Mexican President Andres Manuel Lopez Obrador said he hoped to get an answer from the United States on a request made about COVID-19 vaccines when he holds a virtual meeting with his U.S. counterpart Joe Biden later on Monday.
Reuters at the weekend reported Lopez Obrador is expected to ask Biden to consider sharing part of the U.S. vaccine supply, with Mexico aiming to pay back Washington once pharmaceutical companies have delivered on their orders.
Mexico has been frustrated by bottlenecks in vaccine supply and raised concerns that wealthy countries are hoarding them.
“We’d like to get an answer on a request that we’ve already made,” Lopez Obrador told reporters at a regular news conference. “And if President Biden considers it, he can give us an answer in the conversation … about the vaccines.”
He did not elaborate on the request, but said vaccines were very important to Mexico. Mexican magazine Proceso said Lopez Obrador had asked Biden for help on vaccines in January.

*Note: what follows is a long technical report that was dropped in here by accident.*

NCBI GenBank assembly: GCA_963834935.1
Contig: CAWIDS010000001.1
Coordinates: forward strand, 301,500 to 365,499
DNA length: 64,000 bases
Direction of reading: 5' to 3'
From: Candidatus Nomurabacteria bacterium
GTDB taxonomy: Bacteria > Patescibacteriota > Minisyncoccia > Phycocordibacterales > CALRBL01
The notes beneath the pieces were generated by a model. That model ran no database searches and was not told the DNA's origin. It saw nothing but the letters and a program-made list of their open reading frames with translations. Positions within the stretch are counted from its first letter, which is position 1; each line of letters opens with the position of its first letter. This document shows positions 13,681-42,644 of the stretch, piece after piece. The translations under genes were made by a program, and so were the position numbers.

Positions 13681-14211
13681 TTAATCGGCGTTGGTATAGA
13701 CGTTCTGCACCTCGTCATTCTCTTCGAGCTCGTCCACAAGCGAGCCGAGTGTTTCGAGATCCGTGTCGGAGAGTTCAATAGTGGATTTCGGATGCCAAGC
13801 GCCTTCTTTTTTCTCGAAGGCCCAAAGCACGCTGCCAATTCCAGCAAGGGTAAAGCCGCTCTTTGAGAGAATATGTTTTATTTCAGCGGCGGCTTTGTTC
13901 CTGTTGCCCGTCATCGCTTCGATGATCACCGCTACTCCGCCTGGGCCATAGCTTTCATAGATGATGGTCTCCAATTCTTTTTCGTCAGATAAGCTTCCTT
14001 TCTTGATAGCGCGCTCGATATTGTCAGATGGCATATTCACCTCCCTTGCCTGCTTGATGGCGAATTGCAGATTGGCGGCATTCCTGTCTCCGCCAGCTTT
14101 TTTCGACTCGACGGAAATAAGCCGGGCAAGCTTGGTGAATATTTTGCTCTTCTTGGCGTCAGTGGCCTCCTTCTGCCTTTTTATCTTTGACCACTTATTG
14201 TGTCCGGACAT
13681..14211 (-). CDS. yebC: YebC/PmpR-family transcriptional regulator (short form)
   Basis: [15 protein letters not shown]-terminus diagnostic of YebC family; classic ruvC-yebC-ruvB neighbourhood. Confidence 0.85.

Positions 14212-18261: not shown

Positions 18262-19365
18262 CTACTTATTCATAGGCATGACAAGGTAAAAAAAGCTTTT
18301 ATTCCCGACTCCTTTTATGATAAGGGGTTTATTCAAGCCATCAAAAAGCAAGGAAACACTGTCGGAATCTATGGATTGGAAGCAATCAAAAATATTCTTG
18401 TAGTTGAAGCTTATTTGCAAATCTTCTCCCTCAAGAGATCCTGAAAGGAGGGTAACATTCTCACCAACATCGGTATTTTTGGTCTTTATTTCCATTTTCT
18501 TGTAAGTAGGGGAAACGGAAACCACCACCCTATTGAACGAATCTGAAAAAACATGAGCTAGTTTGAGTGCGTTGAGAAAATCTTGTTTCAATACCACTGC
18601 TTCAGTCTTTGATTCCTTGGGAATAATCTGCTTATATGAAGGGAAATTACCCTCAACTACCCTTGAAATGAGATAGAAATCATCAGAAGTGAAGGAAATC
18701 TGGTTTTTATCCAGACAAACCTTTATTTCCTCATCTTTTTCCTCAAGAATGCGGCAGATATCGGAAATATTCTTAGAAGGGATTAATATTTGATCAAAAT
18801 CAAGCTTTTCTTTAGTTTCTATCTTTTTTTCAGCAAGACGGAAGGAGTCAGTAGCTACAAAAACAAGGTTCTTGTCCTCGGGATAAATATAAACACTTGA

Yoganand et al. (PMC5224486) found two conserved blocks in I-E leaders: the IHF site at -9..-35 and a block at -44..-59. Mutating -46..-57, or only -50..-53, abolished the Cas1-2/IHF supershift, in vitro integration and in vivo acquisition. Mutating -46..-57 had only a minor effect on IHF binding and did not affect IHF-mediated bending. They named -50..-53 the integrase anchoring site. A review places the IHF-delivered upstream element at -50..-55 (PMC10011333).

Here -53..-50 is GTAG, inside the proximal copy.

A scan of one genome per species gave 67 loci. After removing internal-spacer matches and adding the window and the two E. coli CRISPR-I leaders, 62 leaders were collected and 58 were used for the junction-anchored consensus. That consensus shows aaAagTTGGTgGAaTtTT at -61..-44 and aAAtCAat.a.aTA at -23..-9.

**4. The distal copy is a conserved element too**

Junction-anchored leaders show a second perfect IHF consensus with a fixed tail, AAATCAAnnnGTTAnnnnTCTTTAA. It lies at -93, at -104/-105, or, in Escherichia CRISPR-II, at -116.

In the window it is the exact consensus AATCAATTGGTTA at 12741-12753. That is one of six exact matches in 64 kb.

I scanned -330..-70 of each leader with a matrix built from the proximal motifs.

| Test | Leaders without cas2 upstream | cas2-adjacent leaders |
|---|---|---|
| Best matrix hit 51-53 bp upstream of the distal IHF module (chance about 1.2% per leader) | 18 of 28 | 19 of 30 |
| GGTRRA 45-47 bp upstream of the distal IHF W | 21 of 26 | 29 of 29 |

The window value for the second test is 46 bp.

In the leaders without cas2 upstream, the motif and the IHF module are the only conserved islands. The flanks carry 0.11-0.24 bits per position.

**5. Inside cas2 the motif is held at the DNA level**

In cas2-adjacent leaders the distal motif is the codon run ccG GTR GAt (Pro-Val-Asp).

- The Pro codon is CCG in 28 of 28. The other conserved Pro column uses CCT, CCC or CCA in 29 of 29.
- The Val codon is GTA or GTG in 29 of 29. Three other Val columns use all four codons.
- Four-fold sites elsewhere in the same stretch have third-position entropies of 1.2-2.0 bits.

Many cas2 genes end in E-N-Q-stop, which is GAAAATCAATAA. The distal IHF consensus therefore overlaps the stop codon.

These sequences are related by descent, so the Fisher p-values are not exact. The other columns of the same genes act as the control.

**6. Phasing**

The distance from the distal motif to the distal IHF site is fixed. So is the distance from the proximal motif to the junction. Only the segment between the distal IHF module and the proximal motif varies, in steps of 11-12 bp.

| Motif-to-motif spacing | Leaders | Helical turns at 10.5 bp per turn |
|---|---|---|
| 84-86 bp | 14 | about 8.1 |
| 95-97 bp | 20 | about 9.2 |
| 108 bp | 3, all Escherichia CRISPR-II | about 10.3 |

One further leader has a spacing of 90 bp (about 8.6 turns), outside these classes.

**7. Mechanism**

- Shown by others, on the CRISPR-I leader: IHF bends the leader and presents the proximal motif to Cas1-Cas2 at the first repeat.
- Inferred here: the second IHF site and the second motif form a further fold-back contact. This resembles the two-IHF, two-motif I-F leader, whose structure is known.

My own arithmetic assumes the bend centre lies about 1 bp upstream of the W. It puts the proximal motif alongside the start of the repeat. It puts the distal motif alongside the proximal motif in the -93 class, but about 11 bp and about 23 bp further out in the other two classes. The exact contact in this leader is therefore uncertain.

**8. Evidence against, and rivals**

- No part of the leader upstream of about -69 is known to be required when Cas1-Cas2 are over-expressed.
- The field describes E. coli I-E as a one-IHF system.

Immigration, security, climate change and the United States-Mexico-Canada Agreement (USMCA) trade deal were also likely to feature in their talks, Lopez Obrador said.
Lopez Obrador, a leftist, was also asked whether the two would discuss a contentious electricity bill he has championed which strengthens the position of the state-run electricity utility, the Comision Federal de Electricidad (CFE).
The president has cast the legislation as a matter of national sovereignty, arguing that past governments skewed the electricity market in favor of private operators.
Business groups have condemned the bill, saying it risks violating the USMCA and endangers Mexico’s renewable energy targets because it puts wind and solar generators at a disadvantage against the CFE, a heavy user of fossil fuels.
Lopez Obrador said their dialogue would be open, but that Biden respected Mexico’s sovereignty.